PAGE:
• About CIVIC

    CIVIC is a Washington-based non-profit organization that believes the civilians injured and the families of those killed should be recognized and helped by the warring parties involved.

    On this blog, you will find stories from our travels around the world as we meet with civilians and military, aid organizations and government in our quest to get war victims the help they need.

  • Countries

  • Contributors

    Sarah, Executive Director

    Marla B, Managing Director

    Kristele, Field Director

    Liz, Chief Communications Officer

    Trevor, CIVIC's fellow based in Afghanistan

    Chris, CIVIC's fellow based in Pakistan

    Jon, CIVIC's US military consultant

  • Media Content

COLOMBIA: Victims: Forgotten in the Colombian Conflict

Posted by: Angelica Zamora

“One dies when he’s forgotten.” This is a verse written by Colombian poet Manuel Mejía Vallejo, and today it seems to be a reality regarding the tragedy of victims in Colombia. This week, the Annual Report of the International Committee of the Red Cross (ICRC) warned that armed conflict in this country – which has already stretched beyond four decades – continues to cause suffering to civilians, and that such victims are at risk of being forgotten.

According to the report, the conflict has moved to remote areas of the country. This does not mean, however, that the number of victims has decreased. Today there are 3.3 million displaced persons in Colombia, making it the state with the highest number of IDPs in the Western hemisphere and the second highest number of displaced persons in the world, after Sudan.

The ICRC report states that the displaced persons are almost “invisible” in rural areas. Inhabitants of the countryside, unable to move freely, remain unseen as well. Relatives of those who have been forced disappeared, victims of sexual violence, and those who remain hostages in the jungles have not received adequate attention. Also, ethnic and Afro-Colombian communities suffer in silence due to the actions of armed actors.

Christophe Beney, Head of Delegation in Colombia of the ICRC, said during the report’s presentation that the “most concerning” cases are extrajudicial executions of civilians committed by the army, so-called “false positives”; these victims are usually young peasants or members of marginalized urban communities who are reported as “enemy combatants killed in battle,” with the objective of demonstrating success of military actions and achieving personal benefits such as days off or promotions.

Recognition of victims remains a critical challenge in the Colombian conflict. The Colombian government frequently denies the existence of a humanitarian crisis, minimizing the magnitude of forced internal and cross-border displacement. The government, consistent with this attitude, rejected the conclusions of the ICRC report.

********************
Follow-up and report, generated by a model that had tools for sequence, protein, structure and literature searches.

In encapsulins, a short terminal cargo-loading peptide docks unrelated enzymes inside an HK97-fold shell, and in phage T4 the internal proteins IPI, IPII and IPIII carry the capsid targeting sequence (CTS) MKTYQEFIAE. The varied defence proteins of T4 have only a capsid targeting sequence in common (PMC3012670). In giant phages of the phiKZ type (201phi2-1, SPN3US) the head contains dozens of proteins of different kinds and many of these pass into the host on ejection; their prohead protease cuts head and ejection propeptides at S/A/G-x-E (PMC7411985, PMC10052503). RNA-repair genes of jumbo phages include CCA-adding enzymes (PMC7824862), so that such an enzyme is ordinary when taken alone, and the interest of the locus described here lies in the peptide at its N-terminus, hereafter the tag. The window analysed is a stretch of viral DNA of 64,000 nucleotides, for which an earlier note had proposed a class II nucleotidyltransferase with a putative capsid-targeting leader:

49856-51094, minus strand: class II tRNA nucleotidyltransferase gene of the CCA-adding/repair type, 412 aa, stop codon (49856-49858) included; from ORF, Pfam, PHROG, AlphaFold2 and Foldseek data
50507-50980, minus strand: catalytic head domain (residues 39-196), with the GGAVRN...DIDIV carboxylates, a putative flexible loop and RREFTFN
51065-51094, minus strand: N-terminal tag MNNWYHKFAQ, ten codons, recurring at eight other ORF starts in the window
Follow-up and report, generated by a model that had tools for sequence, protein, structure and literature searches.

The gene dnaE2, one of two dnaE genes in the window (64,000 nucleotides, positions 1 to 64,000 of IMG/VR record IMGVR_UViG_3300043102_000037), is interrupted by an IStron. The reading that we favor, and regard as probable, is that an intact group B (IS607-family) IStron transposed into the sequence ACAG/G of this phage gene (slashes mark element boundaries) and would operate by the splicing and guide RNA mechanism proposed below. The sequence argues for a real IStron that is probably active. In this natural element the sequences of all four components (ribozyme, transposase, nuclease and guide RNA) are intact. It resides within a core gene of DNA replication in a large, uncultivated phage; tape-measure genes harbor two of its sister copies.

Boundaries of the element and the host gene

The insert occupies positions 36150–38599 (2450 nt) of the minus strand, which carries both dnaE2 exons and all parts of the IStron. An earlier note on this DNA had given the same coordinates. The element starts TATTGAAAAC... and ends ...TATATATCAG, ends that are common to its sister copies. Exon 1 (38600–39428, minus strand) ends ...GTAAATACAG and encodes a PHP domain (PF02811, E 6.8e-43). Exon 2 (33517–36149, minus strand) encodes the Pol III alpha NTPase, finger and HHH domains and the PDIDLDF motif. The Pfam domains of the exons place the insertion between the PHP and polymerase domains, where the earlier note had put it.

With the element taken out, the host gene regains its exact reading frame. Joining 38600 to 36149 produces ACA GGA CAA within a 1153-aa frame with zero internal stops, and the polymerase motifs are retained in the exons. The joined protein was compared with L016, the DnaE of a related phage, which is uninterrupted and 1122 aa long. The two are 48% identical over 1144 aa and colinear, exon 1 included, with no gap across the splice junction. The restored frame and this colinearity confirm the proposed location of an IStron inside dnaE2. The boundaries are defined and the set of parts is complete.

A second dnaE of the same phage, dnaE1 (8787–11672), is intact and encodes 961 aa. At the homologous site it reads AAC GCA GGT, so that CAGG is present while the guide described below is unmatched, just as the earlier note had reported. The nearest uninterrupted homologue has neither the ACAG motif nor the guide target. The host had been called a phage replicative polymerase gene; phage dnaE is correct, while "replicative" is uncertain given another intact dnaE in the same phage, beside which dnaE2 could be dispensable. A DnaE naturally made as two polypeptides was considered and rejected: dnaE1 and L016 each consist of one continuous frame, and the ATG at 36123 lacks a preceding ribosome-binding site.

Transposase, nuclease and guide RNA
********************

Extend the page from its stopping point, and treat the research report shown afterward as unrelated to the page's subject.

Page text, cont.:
Denying the existence of armed conflict, and the status of victims of such actions, has condemned victims to oblivion. This denial only confirms victims’ beliefs that they do not exist and victimizes, yet again, a highly vulnerable population. The provision of measures to compensate victims and recognize their suffering is a legal and ethical duty of the state. The acknowledgment of victims should be accompanied by public policies that address the complexity of the demands of different categories of victims and provide appropriate measures for their damages.

PAKISTAN: Victims Continue to Struggle in Jalozai

“How much could a wheelchair cost?”  Rubina exclaimed.  “Seven hundred rupees?”  She took 500 rupees, about $7, from her wallet and turned back to Mahia’s tent to give it to her family.

Jalozai Refugee Camp

In 2008, while in her home in Bajaur Agency, shrapnel from tank or artillery shelling struck Mahia in the head, paralyzing her and leaving her unable to speak.  She now lives with her mother, two of more than 100,000 other displaced persons in the Jalozai refugee camp outside Peshawar, in northwest Pakistan.

I was lucky to have Rubina help me conduct interviews in the camp. A housewife from the nearby city of Nowshera, she spoke both Pashtu and English—and as a woman, she could conduct interviews that I could not.

Rubina was shocked by Mahia’s situation.  Without a wheelchair, Mahia’s family has to carry her to the public latrines down the road from their tent.  Outraged that the lack of a simple, inexpensive item could make such a difference in their lives, Rubina felt compelled to offer the family money in the hope that they could purchase a wheelchair.

There are no official figures for civilian casualties in Pakistan.  But in only one day, in one small section of a refugee camp, we came across 24 cases of civilians who had been injured or had lost family members as a result of the fierce fighting between the military and militants.  For many, their injuries or losses have made their lives in the camp even more difficult.

Sabir, a 14 year-old boy, worries about supporting his family without his father.  Last March, fighter jets shot his father when he defied a curfew to search for a way for his family to escape the violence. Sabir’s father made it back to their home, but lost his leg and died within several days from his wounds.  With his father gone and four siblings to look after, Sabir has a lot on his mind for a 14 year-old.  He says he is the only person who can support the family now.

A family tent at Jalozai

Iqbal, 30 years-old with four children, was taking cover from the fighting when his house was struck by a tank shell.  The walls collapsed around him, and he awoke to see one of his legs severed just below his knee.  He now wears a prosthetic thanks to the Red Cross, but finding work with his disability is very difficult, as is traversing the long dirt pathways of the camp.